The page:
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Eight Interview Questions to Help You Know Who You're Hiring

By Joel Gordon

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The most important element in operating a high quality child development program is the people who implement it on a day-to-day basis: your teaching staff. As a result, of primary importance for an administrator is selecting the right people to join your staff. The questions you ask an applicant should reveal not only who they are professionally and to some degree personally, they will also tell the candidate something about the way you think. While we're all looking for skilled teachers, we're also looking for the right person. Will this new staff member share our values and philosophy while adding a new dimension to our group strengths? This can be difficult to determine from the brief time most folks set aside for the interview process. Yet the decision you make ultimately can influence the direction of your program for years to come. The questions below are meant to supplement or replace traditional interview questions: What are your strengths and weaknesses? What are your long term goals? etc. They can help you see if this new person will be a good fit with your program and with their co-workers. They focus less on specific skills, which you should also find out about, and more about how they view themselves as professionals. These questions can tell you about their commitment to the field, to their professional growth, and to the breadth and depth of their understanding of child development issues.

Question 1:
What have been the most formative experiences you've had in your work with young children and families?
Which ones were the most important to you and why?

This question is a variation of the classic "tell us about your previous work experience and education" and I like it better because it should tell you more than you'll find on their resume. When I ask this question I'm listening not just to find out where they've worked and what they've done, I'm asking what they got out of those experiences. Have they grown with each job experience, and how? Hopefully I'll know if their experiences fit with what we do and if there's a solid foundation to build on. If they answer with a recitation of what's on their resume then I ask them to clarify further what happened at that job that significantly affected how they now work with children and families. Let them tell you which of their previous experiences were important. Finding out which jobs weren't helpful to their growth and why can also be revealing.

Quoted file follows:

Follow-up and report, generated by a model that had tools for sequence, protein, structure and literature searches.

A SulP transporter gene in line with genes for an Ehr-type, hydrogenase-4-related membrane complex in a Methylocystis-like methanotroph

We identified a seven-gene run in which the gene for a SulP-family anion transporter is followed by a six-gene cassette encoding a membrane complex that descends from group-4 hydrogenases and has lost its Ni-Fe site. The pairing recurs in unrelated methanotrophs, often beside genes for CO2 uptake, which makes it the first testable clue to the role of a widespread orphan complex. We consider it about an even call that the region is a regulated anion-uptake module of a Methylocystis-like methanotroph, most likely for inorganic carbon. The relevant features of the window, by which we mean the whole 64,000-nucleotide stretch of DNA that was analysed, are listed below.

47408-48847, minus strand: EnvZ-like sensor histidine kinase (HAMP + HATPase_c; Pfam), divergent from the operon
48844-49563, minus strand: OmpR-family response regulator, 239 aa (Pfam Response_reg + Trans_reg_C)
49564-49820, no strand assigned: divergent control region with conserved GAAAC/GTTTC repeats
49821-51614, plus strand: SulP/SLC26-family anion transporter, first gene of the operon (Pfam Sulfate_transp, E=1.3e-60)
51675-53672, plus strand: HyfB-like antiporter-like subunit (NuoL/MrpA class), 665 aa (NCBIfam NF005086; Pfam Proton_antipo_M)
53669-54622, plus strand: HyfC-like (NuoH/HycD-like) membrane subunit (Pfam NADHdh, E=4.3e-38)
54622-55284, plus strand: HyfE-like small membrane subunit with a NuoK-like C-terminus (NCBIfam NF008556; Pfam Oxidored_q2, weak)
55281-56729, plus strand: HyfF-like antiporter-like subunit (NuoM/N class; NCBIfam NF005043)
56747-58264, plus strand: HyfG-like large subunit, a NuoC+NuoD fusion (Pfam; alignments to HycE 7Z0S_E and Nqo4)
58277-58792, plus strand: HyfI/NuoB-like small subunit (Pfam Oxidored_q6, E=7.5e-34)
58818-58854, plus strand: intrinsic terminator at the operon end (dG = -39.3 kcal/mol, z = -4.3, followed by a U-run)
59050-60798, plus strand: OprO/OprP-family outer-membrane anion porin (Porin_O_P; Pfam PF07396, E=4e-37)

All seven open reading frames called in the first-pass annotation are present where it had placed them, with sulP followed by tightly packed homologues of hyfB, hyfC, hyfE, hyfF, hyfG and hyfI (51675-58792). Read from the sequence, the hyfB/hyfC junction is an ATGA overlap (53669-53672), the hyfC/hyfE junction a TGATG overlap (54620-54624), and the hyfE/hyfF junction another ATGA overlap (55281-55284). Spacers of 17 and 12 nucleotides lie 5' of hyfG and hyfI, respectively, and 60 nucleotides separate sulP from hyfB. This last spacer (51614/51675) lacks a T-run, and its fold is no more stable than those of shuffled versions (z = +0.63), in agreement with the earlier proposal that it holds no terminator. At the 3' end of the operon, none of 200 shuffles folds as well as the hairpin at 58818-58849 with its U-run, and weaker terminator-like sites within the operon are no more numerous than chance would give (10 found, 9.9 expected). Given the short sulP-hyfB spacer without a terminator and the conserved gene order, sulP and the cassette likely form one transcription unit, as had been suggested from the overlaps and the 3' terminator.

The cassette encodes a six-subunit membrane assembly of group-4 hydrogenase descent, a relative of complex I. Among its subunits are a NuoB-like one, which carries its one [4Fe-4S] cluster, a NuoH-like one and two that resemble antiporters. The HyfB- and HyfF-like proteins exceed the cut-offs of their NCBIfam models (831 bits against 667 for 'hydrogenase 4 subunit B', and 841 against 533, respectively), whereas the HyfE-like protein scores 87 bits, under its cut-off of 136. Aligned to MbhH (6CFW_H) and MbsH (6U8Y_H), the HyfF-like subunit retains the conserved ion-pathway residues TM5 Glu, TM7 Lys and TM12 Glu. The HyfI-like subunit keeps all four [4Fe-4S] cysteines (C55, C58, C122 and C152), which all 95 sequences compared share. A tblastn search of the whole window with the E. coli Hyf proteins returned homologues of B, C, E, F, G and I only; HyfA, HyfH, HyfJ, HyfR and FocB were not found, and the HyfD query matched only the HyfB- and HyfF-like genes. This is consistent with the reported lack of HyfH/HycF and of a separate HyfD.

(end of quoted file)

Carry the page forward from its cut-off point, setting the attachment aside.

Question 2:
If you were to operate your own program, what do you consider key elements in a high quality operation that you would be sure to include?

This is a little like asking "Tell me everything you know" about quality early childhood education. Obviously no one can fully answer this question in the few minutes allotted to each question, but their selection of what they mention and, perhaps even more importantly, what they forget or leave out will tell you a lot about their values and perspectives as a teacher. You, of course, must be clear about your values and priorities in your program in order to determine if the candidate is a good match. I know that I like to hear each candidate include health and safety first and foremost. While we may all like to hear them explore the more exciting areas of curriculum, parent work, diversity, etc., if they don't start the job with an awareness of safety, the rest doesn't matter too much because you may have hired an accident waiting to happen. I'm also looking for them to talk about more than the children. What do they have to say about their relationship with and the role of the parents in their classroom? What do they mention about supporting the home culture? How do they develop curriculum? Have they talked about positive and healthy relationships with their co-workers? This question can also be a lead-in to more follow-up questions about specificskills. Take good notes as they answer this question so you can review it and compare with your own list later on.